So the holiday party was canceled and no one’s getting a bonus, performance reviews came and went with no adjustment of compensation, and your company’s main competitor recently laid off half its staff. You’ve noticed the big bosses going into closed-door meetings and the human resources director seems awfully busy.
Maybe you’re paranoid, and there’s nothing to worry about… or maybe not. With thousands of workers laid off in a broad range of industries and an economy firmly in recession, it seems that no one is safe from the threat of being downsized, terminated, laid off, or let go. If you’ve been hearing rumors at the office about imminent layoffs, it might be wise to act as though they may be true. Here’s what you need to do.
If you work harder now than you ever have before, your work ethic may rub off on your coworkers and together, you could pull your company out of its pit. (Well, you never know.)
Seriously, your supervisor could notice the valiant effort you’re putting forth in the face of uncertainty and decide to reward you by not eliminating your job. And even in a worst-case scenario, your coworkers will remember what a friendly, helpful, hard worker you are and recommend you to their new bosses at their new companies when they get new jobs after you all get laid off. It can’t hurt-and suddenly slacking off on the company’s dime is sure to put you at the top of the to-be-terminated list.
Update Your Resume and Interview Skills
You’ll have a head start on the job search if your resume is ready to go as soon as you need it. Update it now with information about your current job and any new skills you’ve recently acquired.
Ask a friend, discreet coworker, or professional resume writer to have a look at it. Print out several hard copies on nice paper so you’ll have them on hand.
While you’re at it, start refreshing your interview skills. If it’s been a long time since you last undertook a job search, you might not be aware of the most current interview styles. Even if you are, practice and preparation will ensure that you’re confident and capable when interview time comes.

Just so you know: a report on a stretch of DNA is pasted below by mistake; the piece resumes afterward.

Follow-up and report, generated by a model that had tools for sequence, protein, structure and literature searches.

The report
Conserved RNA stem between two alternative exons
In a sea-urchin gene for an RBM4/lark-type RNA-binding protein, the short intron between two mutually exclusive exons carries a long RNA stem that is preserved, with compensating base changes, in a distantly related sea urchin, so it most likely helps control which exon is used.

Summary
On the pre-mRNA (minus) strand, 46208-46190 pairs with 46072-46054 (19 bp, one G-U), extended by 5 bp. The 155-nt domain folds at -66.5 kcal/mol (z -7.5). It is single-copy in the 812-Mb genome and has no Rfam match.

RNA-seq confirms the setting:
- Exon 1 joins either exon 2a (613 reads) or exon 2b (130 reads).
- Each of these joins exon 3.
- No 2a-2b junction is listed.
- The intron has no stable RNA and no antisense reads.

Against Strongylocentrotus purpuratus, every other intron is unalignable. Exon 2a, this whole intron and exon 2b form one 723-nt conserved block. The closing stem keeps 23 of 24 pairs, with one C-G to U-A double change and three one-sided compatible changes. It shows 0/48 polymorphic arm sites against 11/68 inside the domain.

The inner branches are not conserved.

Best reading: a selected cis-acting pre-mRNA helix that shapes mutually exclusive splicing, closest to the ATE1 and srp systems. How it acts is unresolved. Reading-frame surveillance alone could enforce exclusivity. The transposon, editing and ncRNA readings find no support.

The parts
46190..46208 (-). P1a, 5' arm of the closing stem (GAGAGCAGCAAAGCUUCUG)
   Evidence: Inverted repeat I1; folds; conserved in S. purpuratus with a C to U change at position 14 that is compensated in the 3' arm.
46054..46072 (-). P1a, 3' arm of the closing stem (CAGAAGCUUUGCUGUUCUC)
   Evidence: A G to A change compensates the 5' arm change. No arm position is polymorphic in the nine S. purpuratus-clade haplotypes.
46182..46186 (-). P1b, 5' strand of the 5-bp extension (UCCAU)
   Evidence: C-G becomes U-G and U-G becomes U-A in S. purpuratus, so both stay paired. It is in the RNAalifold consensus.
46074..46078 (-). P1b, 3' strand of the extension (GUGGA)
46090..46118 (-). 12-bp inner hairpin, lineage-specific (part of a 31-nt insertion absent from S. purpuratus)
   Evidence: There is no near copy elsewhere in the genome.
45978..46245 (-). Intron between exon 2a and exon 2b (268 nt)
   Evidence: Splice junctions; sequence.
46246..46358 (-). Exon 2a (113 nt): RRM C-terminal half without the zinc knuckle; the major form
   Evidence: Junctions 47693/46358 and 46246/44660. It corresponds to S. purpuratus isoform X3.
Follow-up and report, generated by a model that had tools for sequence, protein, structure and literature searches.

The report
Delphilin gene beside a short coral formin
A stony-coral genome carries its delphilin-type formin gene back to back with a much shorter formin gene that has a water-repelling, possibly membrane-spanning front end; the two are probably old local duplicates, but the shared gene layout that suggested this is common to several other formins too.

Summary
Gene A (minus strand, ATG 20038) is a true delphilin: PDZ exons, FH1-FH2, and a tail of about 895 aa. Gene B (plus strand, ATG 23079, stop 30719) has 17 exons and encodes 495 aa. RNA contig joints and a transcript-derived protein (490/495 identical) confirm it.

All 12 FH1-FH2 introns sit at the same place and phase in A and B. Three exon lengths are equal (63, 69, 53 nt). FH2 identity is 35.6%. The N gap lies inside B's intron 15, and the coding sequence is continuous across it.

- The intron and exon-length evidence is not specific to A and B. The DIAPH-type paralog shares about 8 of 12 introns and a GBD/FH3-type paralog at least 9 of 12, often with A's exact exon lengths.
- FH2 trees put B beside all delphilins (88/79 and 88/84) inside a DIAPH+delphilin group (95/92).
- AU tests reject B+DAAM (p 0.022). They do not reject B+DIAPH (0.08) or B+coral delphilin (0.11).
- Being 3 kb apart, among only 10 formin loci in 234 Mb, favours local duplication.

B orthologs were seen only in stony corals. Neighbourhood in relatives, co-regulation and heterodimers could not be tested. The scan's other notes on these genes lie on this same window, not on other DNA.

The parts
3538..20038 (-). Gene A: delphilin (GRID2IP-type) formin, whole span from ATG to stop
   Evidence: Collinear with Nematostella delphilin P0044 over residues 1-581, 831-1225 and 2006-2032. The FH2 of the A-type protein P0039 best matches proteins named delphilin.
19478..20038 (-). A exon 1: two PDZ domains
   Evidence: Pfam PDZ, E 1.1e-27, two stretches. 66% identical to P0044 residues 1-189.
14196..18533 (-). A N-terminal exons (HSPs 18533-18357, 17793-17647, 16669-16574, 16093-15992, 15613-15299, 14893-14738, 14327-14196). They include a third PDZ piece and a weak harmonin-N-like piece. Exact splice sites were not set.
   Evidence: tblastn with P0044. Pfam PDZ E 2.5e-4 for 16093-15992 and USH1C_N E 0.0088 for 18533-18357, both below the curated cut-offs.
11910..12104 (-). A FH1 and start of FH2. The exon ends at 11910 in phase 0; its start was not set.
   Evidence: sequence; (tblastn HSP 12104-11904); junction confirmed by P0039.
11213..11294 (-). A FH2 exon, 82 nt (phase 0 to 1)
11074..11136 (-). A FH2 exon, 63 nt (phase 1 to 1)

Put Out Feelers
Discretion is key, but it’s not a bad idea to start looking for a new job now. Let close friends and family members know that you might be in the market soon and ask them if there are any openings at their companies. Post your resume on job boards that allow you to prevent your current company from accessing it, and keep an eye on the classified ads and Internet job listings. Pay attention to what the market is like now so you won’t be surprised if you do lose your job. And if you see a dream opportunity, don’t be afraid to jump on it. If you don’t, and you’re laid off, you’ll regret it.
Expand Your Skills
While you still have extra money, consider enrolling in a course or two to update your marketable skills. Not only will this enhance your resume, but it will keep you busy and help you make contacts if you do get laid off, as well as opening your eyes to career opportunities you might not have thought of otherwise.
Start Saving Money
Conventional wisdom holds that you should have enough savings to support yourself for three months. If you haven’t been saving already, this might not be possible, but do the best you can. The more money you have on hand, the less traumatic the layoff will be. You’ll also be able to take your time finding a new job, instead of having to desperately accept the first offer that comes your way. If you want to, you’ll be able to take some time off to study or travel.
You’ll also want to start investigating what a layoff will mean to your pension plan or 401(k). Look into unemployment insurance, too. If you carry a balance on your credit cards, investigate whether the lender offers an insurance program that would allow you to suspend payment in the case of unemployment. If you’ve been putting off getting a wisdom tooth pulled or visiting the eye doctor, do it now while you’re on your company’s health plan.
Clean Out Your Computer
When the big layoff actually comes, you’ll be lucky if you have more than half an hour to remove personal files from your computer before it’s turned off. To avoid the stress of that situation, start copying personal documents onto floppies, deleting them from your work computer’s hard drive, and taking them home. Do the same with any hard-copy documents of a personal or private nature.
Don’t Freak Out
The coming weeks or months will undoubtedly be scary. If you’re well prepared, you’ll feel much less pressure and you’ll be able to see the situation much more objectively. Keep your wits about you and try not to let work-related stress get to you too much. Remind yourself that you’re doing what you can; other than that, it’s out of your hands. Don’t feel disloyal for taking these steps-you have to take care of yourself. Stay calm and look on this as an opportunity and a learning experience. Find someone trustworthy you can confide your fears in; if you’re really panicky, think about seeing a counselor. And remember that this happens to the best of ’em.